Due to the complexity of project activities and recent data that 45% of children aged 8-18 in Bexar County are overweight or obese, the Youth Health Literacy Challenge aimed to reach underrepresented and underserved youth in grades 3-12. During the 2015-2016 school year, NEISD reported that 45% of students received free and reduced meals, 57% of students were Hispanic-Latino, and that a large portion of students living near library feeding sites had low family income. These factors indicated a high risk for poor health outcomes and low health literacy in the areas served.

As a Resource Library of the National Network of Libraries of Medicine, UT Health San Antonio Libraries used the Youth Health Literacy Challenge to promote awareness of NLM health information resources that could influence youth to practice healthy behaviors. SAPL and UT Health San Antonio Libraries staff handed out 1,838 out of 2,253 calendars during the project period. NEISD staff distributed 1,269 out of 1,900 activity logs. Karen Barton, Liaison and Community Engagement Librarian, served as the Principal Investigator and seeks to collaborate with more feeding and cooking programs in the area in order to promote health information resources.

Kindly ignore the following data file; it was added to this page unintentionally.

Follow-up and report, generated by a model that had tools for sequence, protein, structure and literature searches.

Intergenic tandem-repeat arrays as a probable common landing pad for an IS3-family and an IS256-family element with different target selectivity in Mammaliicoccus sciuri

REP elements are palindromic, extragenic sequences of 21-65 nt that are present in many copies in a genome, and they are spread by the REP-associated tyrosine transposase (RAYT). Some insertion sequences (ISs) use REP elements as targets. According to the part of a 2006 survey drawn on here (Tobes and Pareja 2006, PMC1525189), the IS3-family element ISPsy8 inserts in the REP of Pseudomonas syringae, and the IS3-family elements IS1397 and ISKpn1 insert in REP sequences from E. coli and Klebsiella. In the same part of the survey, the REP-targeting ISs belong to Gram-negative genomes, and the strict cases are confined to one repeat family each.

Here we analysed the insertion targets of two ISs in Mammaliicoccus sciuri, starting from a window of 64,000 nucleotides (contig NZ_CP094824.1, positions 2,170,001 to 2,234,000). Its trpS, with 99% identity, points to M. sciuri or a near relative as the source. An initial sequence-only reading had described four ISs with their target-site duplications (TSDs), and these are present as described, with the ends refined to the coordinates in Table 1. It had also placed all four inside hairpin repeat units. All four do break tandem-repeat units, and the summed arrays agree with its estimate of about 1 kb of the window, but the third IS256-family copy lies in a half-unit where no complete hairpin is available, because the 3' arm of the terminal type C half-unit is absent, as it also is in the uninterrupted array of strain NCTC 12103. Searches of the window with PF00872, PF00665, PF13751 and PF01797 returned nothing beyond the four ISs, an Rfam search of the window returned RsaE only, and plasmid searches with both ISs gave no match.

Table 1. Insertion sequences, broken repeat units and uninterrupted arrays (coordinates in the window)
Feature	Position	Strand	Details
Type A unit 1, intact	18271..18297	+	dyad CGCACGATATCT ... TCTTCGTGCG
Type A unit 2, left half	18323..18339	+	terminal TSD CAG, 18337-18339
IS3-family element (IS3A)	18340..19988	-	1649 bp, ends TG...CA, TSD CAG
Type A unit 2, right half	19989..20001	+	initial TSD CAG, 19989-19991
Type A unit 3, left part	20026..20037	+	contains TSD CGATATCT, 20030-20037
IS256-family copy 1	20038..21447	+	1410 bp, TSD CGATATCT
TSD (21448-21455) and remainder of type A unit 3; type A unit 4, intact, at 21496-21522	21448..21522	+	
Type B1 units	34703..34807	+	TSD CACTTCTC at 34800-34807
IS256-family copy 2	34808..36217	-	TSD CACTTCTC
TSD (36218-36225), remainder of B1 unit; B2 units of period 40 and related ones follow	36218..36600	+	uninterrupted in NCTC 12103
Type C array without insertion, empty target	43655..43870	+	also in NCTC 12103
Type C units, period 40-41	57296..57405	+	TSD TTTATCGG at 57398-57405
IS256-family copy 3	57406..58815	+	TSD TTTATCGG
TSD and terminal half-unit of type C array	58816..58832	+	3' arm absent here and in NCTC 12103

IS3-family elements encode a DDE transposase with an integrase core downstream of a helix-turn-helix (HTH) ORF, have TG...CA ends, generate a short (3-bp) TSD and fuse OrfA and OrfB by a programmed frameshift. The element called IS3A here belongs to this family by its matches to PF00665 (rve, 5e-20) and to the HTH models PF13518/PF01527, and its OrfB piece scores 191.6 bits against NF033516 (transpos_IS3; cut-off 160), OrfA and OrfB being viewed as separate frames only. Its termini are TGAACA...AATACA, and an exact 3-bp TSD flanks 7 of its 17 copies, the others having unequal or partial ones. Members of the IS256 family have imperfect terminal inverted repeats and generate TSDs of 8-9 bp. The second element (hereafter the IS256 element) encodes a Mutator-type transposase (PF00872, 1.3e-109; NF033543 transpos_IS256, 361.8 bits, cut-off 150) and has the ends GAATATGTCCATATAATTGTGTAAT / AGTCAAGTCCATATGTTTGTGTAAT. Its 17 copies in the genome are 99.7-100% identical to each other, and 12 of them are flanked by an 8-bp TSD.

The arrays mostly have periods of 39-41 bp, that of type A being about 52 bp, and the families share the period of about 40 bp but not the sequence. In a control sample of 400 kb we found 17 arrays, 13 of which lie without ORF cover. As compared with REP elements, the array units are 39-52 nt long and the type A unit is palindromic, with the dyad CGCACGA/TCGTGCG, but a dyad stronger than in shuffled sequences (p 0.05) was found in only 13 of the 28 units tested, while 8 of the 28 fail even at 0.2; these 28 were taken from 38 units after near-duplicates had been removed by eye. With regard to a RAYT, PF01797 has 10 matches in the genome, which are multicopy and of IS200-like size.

Systematic Reviews Expert Provides Free Seminars for Faculty and Librarians



Margaret Foster, MS, MPH, AHIP, Associate Professor and Systematic Reviews and Research Coordinator at Texas A&M University, visited UT Health at San Antonio August 7-9, 2017 as part of the SCAMeL Librarian Exchange Professional Development Program. During her visit, Ms. Foster, in coordination with the UT Health San Antonio library liaison team, offered seminars on systematic reviews to area librarians and UT Health San Antonio faculty. These seminars included: “Establishing a Systematic Review Service,” “Determining Which Review is Right for You,” and a Lunch and Learn on the systematic review process. Ms. Foster also offered individual consultation to faculty members interested in performing systematic reviews. The UT Health San Antonio library liaison team worked with Ms. Foster in furthering their own systematic review on information skills training in nursing education.